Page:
Detached Retina: Causes, Symptoms and Treatment
A detached retina, which occurs when the retina becomes separated from the tissue which normally supports it, is an extremely serious eye condition which must be treated as a medical emergency. The retina is the very thin sensory membrane which lines the back of the eye and is only about the size of a postage stamp. When light rays enter they eye, they are focused by the cornea and lens onto the retina, which receives the image and transmits it to the brain via the optic nerve. If the retina is detached from its underlying tissue then it cannot function, and if it's not reattached quickly, the result is often permanent blindness.
Symptoms of a detached retina
Symptoms of a retinal detachment may include
- An increase in the number of spots or floaters
- Flashes of light
- A curtain, veil or shadow over the visual field
- Blurred vision
- Sharp decrease in vision
Depending on how fast the retina pulls away, these symptoms may occur gradually or suddenly. These signs must not be ignored, even though there is no pain associated with this problem. If you have a detached retina, immediate treatment is the only thing which can save your eyesight.
Generally a retinal detachment only occurs in one eye, but the other eye should be examined for signs of possible weakness and tearing.
Causes of a detached retina
A retina can become detached as the result of an accident or injury to the face, such as blunt trauma from a fist or tennis ball, but there are other causes as well. High levels of nearsightedness are associated with this condition, likely because of the elongated eyeball shape which causes the myopia. Retinal detachment can also be a genetic problem, making those with a family history of this condition more at risk.
Occasionally a detached retina may be caused by LASIK surgery. Once again, very nearsighted patients are most prone to this condition, but this is very rare occurrence indeed affecting less than 0.2% of LASIK patients.
Other causes of a detached retina include be tumors, eye disease or cataract surgery. Diabetes, uveitis and sickle cell disease may also increase the risk. In diabetic retinopathy, new blood vessel growth beneath the retina can cause it to detach from its supporting tissue. Patients using certain eye drops or other medications can also have an increased risk of developing a retinal detachment. An example of such a drug is pilocarpine (brand name: Salagen) which is used to treat dry mouth and sometimes glaucoma.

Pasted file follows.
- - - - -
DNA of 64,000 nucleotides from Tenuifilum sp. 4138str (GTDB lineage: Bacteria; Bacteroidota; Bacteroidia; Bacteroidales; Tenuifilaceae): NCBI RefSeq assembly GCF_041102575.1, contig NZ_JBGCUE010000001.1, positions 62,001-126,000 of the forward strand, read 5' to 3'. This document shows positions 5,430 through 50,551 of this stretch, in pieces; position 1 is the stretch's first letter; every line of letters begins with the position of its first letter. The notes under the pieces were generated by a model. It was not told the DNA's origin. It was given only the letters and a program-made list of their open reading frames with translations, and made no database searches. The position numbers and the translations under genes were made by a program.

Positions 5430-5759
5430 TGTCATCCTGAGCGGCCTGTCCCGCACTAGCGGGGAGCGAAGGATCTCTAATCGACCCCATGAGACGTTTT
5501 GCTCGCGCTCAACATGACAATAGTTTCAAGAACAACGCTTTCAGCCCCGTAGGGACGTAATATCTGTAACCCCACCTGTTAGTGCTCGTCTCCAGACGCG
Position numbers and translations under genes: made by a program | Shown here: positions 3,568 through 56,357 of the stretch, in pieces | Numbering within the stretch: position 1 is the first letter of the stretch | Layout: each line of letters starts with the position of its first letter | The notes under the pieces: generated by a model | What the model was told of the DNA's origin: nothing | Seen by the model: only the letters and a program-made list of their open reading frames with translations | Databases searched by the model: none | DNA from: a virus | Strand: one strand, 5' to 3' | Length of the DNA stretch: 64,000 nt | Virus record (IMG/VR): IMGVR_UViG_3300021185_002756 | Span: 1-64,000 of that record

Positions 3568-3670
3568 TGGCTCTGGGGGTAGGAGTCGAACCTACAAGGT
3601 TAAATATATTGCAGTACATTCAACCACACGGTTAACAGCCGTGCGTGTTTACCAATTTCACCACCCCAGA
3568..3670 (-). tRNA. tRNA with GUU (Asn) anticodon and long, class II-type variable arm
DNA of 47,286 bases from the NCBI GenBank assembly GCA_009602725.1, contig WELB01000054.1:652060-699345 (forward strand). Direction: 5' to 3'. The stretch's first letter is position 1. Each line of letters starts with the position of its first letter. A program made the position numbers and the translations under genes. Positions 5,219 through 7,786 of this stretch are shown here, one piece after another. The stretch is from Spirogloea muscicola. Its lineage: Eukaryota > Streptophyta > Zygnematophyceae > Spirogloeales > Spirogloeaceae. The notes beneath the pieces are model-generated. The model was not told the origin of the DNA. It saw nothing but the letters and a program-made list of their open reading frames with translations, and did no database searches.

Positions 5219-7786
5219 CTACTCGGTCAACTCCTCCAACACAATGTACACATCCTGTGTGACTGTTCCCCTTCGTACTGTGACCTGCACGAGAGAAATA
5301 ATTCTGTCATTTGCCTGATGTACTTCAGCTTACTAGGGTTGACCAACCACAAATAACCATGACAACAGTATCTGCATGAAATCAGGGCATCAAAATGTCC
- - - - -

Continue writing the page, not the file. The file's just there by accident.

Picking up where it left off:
Treatment for a detached retina
Surgery is the only treatment for a detached retina. Sometimes this can be done as an outpatient procedure, but an overnight stay in the hospital may be necessary.
First, the eye surgeon will seal any holes or tears in the retina using a laser or a freezing procedure (cryopexy). Next, the retina will be reattached, likely using one of the following methods:
- Pneumatic retinopexy – During this procedure, the surgeon injects a bubble of special gas into the vitreous cavity of the eye. This bubble then expands, putting pressure on the retina and pressing it against the back of the eye, allowing it to reattach. In some cases, the surgeon will first need to remove some fluid from between the cornea and iris in order to soften the eye. The injected gas will disappear on its own, generally over a period of several weeks.
- Scleral buckling – A scleral buckle is a small piece of silicone which is sewn to the white part of the eye (the sclera) in a way which causes back of the eyeball to indent. This indentation, or “buckling,” reduces the strain on the retina, allowing it to settle against the back wall of the eye. The piece used may be placed only over the affected area, or it may be a semi-circle which wraps around the back part of the eye. The scleral buckle is generally left in place permanently and isn't visible.
In some cases, it is necessary to remove some of the vitreous (the gel-like substance that fills the interior of the eye) before retinal surgery can be performed. This procedure is called a vitrectomy. A vitrectomy may be necessary if the vitreous is cloudy, obscuring the surgeons view of the retina, or if retinal scaring would limit the effectiveness of other procedures. During the vitrectomy, the surgeon will use delicate instruments, inserted through tiny incisions in the sclera, to cut and remove vitreous and scar tissue. A saline solution will simultaneously be infused into the eye to maintain normal eye pressure and shape. After the vitrectomy the surgeon will likely perform a scleral buckling or other procedure to reattach the retina. A gas or silicone bubble may be used to help press the retina against the back wall of the eye.
Even if performed immediately, surgery may not be successful in reattaching the retina, and even a successfully reattached retina does not guarantee that you will regain your normal vision. Many factors will determine how well you will see after surgery. If the central portion of the retina (the macula) was affected, your chances of a good outcome are much lower than if only the perphery was detached. How long the retina was detached before treatment can also greatly affect the outcome of surgery.
In addition, it can take many months for the eye to fully recover and heal after a retinal detachment, so even if your vision is poor immediately following surgery, it may improve over time. At the same time though, it is possible that you will not regain any of your lost vision at all.
Bookmark This Page